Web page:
Jeter has nonetheless cast the moves the Marlins have made as good for fans in the long run. And, yes, I suppose it’s likely that things will be better in the long run, if for no other reason than they cannot be much worse. Still, such reasoning, while often accepted when a lesser light like, say, White Sox GM Rick Hahn employs it, isn’t accepted as easily when a guy who has been defined by his hand full of championship rings offers it. How can Derek Jeter, of all people, accept losing?

That’s the question HBO’s Bryant Gumbel asked of Jeter in an interview that aired over the weekend (see the video at the end of the post). How can he accept — and why should fans accept — a subpar baseball product which is not intended to win? Jeter’s response? To claim that the 2018 Marlins are totally expected to win and that Gumbel himself is “mentally weak” for not understanding it:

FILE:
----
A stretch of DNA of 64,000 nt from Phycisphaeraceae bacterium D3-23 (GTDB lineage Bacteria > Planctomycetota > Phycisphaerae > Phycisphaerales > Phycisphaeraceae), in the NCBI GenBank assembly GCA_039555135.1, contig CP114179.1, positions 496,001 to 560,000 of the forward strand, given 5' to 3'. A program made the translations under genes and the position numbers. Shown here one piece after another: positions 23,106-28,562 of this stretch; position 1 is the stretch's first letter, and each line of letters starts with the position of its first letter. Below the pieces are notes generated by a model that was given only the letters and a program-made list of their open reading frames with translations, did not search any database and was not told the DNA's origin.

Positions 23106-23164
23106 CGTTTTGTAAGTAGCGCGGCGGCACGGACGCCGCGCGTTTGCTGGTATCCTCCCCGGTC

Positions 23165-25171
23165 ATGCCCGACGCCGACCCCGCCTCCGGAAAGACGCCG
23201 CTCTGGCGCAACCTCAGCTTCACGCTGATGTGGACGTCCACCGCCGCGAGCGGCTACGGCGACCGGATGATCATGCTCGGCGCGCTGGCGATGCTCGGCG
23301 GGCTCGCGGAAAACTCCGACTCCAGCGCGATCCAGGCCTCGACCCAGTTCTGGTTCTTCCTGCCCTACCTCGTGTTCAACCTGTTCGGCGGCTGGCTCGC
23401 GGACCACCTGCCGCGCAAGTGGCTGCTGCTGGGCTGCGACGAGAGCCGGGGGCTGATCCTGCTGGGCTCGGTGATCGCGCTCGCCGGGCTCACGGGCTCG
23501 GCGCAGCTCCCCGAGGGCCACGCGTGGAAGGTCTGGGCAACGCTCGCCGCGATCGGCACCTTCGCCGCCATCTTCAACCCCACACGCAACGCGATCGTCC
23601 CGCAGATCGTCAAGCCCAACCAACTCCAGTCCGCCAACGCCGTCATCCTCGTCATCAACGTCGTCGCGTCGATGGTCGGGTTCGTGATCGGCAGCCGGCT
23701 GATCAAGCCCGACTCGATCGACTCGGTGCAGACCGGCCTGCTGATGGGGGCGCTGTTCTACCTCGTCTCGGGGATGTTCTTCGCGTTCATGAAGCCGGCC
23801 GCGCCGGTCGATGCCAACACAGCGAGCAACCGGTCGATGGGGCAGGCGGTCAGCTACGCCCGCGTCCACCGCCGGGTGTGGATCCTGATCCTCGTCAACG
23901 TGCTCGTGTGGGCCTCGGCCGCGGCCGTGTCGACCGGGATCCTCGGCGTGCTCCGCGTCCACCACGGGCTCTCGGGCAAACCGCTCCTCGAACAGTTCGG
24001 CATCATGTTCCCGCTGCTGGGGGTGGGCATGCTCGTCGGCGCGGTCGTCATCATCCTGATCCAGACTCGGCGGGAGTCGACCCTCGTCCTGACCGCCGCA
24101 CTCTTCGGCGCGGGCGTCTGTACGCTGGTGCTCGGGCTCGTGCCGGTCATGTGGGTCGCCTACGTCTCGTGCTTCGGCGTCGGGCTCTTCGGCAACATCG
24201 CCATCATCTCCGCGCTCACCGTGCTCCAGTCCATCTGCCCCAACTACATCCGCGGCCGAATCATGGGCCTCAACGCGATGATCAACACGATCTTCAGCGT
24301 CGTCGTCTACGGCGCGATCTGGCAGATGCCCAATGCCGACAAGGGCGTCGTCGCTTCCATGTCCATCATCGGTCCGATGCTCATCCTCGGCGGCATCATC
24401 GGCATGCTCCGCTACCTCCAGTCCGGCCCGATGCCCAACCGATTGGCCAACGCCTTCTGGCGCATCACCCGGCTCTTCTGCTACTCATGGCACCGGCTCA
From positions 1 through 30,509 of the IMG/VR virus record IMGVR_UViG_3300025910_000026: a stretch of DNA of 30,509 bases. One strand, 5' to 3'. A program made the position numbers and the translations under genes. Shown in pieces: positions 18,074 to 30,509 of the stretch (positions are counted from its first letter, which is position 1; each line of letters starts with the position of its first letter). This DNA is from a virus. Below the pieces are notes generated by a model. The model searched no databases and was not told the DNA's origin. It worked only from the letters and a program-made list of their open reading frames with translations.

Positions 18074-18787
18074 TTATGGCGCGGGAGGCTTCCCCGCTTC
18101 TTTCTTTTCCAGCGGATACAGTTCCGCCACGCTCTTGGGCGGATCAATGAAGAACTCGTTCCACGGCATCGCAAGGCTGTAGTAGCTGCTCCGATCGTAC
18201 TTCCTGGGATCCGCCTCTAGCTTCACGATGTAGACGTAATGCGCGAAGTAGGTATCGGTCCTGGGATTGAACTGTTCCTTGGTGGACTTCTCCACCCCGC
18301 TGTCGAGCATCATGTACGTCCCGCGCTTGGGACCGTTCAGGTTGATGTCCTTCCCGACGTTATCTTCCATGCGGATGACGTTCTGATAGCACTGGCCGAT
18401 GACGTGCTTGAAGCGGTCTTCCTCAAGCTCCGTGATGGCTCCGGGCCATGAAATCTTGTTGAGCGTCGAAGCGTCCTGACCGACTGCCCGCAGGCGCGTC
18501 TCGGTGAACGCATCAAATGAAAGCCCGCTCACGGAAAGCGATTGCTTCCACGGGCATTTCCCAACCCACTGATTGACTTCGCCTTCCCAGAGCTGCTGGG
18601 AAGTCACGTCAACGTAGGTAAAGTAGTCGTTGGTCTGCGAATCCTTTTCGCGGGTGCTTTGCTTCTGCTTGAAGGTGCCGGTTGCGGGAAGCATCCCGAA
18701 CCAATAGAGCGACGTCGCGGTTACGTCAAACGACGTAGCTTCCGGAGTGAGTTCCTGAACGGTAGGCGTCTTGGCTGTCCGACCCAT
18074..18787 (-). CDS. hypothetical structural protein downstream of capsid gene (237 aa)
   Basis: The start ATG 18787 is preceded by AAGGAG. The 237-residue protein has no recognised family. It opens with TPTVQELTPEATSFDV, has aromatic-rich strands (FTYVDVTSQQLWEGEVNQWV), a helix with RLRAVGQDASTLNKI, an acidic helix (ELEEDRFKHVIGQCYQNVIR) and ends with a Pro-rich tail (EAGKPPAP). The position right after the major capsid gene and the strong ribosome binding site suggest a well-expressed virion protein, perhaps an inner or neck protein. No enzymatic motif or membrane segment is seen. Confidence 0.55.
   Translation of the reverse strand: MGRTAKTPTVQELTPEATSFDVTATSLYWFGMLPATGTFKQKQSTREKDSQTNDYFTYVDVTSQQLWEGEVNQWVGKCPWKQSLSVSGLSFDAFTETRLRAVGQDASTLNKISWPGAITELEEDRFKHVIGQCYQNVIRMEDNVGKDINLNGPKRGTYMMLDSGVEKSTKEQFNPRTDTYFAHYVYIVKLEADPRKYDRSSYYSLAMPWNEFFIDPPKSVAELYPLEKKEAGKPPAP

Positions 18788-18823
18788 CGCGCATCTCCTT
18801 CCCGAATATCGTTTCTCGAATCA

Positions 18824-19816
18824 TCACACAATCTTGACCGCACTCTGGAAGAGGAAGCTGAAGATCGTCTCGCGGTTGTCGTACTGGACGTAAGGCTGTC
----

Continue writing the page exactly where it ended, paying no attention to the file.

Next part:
JETER: “We’re trying to win ball games every day.”

GUMBEL: “If you trade your best players in exchange for prospects it’s unlikely you’re going to win more games in the immediate future–”

JETER: “When you take the field, you have an opportunity to win each and every day. Each and every day. You never tell your team that they’re expected to lose. Never.”

GUMBEL: “Not in so–”

JETER: “Now, you can think — now– now, I can’t tell you how you think. Like, I see your mind. I see that’s how you think. I don’t think like that. That’s your mind working like that.”

. . .